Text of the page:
Interim results from Botswana Diamonds recorded no revenue for the six months that ended on December 31 and a loss of $365,000 (GPB 230,000) or 21 pence per share. During the company's first reporting period, which spanned three quarters from September 2010 to June 2011, Botswana Diamonds recorded a loss of $1.1 million (GBP 711,000). Since closing this most recent period though, the company completed a $2.4 million (GBP 1.5 million) share placement, which will cover exploration expenses for at least one year, according to the statement.
The company's chairman, John Teeling, provided an update of projects underway today, calling Botswana the ''best place to find a mine.'' The newest mine, Karowe, was discovered by the principals of Botswana Diamonds and was sold to Lucara Diamond, but Teeling's center of activity resides in the Orapa cluster of kimberlites. Botswana Diamonds expects to be awarded a new license near the Letlhakane mine, with the principal focus on an agreement with an international resources company to apply new thinking and new technology in the expectation of identifying previously undiscovered kimberlites, Teeling explained.
''Sand and salt up to 80 meters thick cover much of northeastern Botswana. This has made diamond exploration difficult. Our partner believes that using conventional exploration data, which they reprocess and reinterpret, they can identify anomalies which are likely to be kimberlites. Furthermore, they believe that they can pinpoint areas likely to be diamondiferous. Botswana Diamonds is actively providing data to our partner. This will take some months,'' he said.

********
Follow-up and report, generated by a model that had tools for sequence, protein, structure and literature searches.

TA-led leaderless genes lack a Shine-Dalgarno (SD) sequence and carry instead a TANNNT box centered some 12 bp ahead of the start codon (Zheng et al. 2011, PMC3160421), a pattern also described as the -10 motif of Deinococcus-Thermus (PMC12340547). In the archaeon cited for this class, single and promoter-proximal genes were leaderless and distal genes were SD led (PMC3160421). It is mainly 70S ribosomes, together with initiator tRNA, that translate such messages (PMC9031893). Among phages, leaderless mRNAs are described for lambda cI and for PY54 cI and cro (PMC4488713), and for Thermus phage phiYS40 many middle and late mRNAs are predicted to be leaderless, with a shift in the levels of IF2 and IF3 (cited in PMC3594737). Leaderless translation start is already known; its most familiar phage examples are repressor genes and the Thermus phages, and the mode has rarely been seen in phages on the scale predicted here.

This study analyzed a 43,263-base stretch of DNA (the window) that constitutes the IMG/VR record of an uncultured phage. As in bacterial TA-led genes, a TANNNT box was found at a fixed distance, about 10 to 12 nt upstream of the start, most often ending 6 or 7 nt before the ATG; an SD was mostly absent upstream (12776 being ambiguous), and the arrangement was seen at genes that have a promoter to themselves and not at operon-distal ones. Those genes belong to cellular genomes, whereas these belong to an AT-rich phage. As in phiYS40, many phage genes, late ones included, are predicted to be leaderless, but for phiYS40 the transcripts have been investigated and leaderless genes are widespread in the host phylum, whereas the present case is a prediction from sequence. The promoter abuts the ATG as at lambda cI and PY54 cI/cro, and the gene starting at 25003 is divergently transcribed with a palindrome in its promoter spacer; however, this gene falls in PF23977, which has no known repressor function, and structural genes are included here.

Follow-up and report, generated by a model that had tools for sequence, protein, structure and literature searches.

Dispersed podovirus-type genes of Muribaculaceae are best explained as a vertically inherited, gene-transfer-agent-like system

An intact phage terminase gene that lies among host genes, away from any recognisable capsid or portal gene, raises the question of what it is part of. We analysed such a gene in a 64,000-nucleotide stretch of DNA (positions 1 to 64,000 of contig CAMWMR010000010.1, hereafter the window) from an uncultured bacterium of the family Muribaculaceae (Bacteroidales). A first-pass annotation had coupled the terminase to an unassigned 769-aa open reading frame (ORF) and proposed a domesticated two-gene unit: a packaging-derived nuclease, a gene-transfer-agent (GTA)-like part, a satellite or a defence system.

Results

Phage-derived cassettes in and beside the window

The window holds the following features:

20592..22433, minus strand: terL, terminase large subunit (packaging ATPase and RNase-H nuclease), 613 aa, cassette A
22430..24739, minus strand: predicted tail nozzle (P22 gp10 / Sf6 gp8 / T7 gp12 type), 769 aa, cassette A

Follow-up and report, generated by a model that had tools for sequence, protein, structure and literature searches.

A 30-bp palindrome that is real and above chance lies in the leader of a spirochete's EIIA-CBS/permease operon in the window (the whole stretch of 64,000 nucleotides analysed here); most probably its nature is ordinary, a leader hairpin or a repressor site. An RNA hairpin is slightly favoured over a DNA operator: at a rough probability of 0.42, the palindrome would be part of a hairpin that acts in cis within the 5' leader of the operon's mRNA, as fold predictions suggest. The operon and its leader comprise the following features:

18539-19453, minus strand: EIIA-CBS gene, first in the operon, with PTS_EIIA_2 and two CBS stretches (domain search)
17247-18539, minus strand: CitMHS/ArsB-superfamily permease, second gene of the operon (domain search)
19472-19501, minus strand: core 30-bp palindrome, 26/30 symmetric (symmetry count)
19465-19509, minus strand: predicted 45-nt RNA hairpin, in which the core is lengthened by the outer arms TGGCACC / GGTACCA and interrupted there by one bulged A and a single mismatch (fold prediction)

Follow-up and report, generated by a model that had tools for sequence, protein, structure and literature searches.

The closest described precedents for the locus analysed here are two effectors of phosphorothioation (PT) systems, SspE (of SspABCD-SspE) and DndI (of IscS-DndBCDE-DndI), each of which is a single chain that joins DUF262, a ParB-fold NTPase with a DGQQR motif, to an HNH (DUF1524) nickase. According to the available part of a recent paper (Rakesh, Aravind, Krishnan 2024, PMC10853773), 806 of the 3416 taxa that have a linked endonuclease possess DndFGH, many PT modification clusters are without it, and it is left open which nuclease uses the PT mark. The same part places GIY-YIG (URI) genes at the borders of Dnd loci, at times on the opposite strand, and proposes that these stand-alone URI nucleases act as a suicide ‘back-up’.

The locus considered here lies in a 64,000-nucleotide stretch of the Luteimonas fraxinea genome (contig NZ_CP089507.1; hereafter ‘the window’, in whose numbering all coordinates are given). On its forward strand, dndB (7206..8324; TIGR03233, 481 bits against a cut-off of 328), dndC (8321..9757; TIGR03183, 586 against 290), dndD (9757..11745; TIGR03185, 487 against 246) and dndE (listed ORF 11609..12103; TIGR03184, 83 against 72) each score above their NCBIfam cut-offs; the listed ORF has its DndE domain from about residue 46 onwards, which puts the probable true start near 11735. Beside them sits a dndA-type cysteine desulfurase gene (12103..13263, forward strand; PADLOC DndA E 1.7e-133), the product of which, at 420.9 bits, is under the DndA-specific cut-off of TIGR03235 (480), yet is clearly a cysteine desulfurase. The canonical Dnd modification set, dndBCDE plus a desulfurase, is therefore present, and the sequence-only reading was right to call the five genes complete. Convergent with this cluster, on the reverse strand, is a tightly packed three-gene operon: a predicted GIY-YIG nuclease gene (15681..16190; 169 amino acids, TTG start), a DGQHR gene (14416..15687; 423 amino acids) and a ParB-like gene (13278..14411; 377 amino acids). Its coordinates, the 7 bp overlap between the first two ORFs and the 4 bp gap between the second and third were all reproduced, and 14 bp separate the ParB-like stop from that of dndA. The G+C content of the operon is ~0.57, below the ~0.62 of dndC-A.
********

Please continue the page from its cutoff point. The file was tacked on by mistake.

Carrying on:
If and when targets are identified, the partners will form a 50/50 joint venture to lodge license applications and to undertake fieldwork.
Botswana Diamonds holds a concession in Zimbabwe, about 50 kilometers northeast of the Marange, in an area called Chimanimani. Teeling said, ''It has proven difficult to get a license so we have agreed with local interests to allow them to own the concession while Botswana Diamonds would build and operate. This is similar to arrangements made on oil concessions in the Middle East. Progress is being made in this area and we are hopeful of an agreement.''
In a joint venture with Zimbabwe interests on a series of claims in the Masvingo/Beitbridge area, Botswana Diamonds has extracted a small bulk sample to demonstrate whether or not they contain diamondiferous kimberlites.
Teeling believes that the Marange palaeoplacer diamond fields will become the world's biggest diamond producer in terms of carats in the very near future. ''The area covers over 250,000 hectares containing ore about 2 meters thick with grades of up to 8,000 carats per hundred tonnes. Botswana Diamonds would seek to participate in the development of Marange,'' he said.
The company was awarded a concession in Cameroon covering 8,000 square kilometers adjacent to Mobilong. A prospecting program in 2011 discovered palaeoplacer rock on the concession and a sampling program is underway to recover up to 300 tonnes of rock from three areas identified in the earlier work. Teeling said that even though ''eyebrows are raised'' when diamonds in Cameroon are mentioned, the objective is to demonstrate that the rocks are diamondiferous.
''Assuming they are, and we are confident of the outcome, we will undertake a larger bulk sample to identify grade and diamond value. Results from the current work are due mid-2012 with the next phase beginning at the end of this year,'' he added.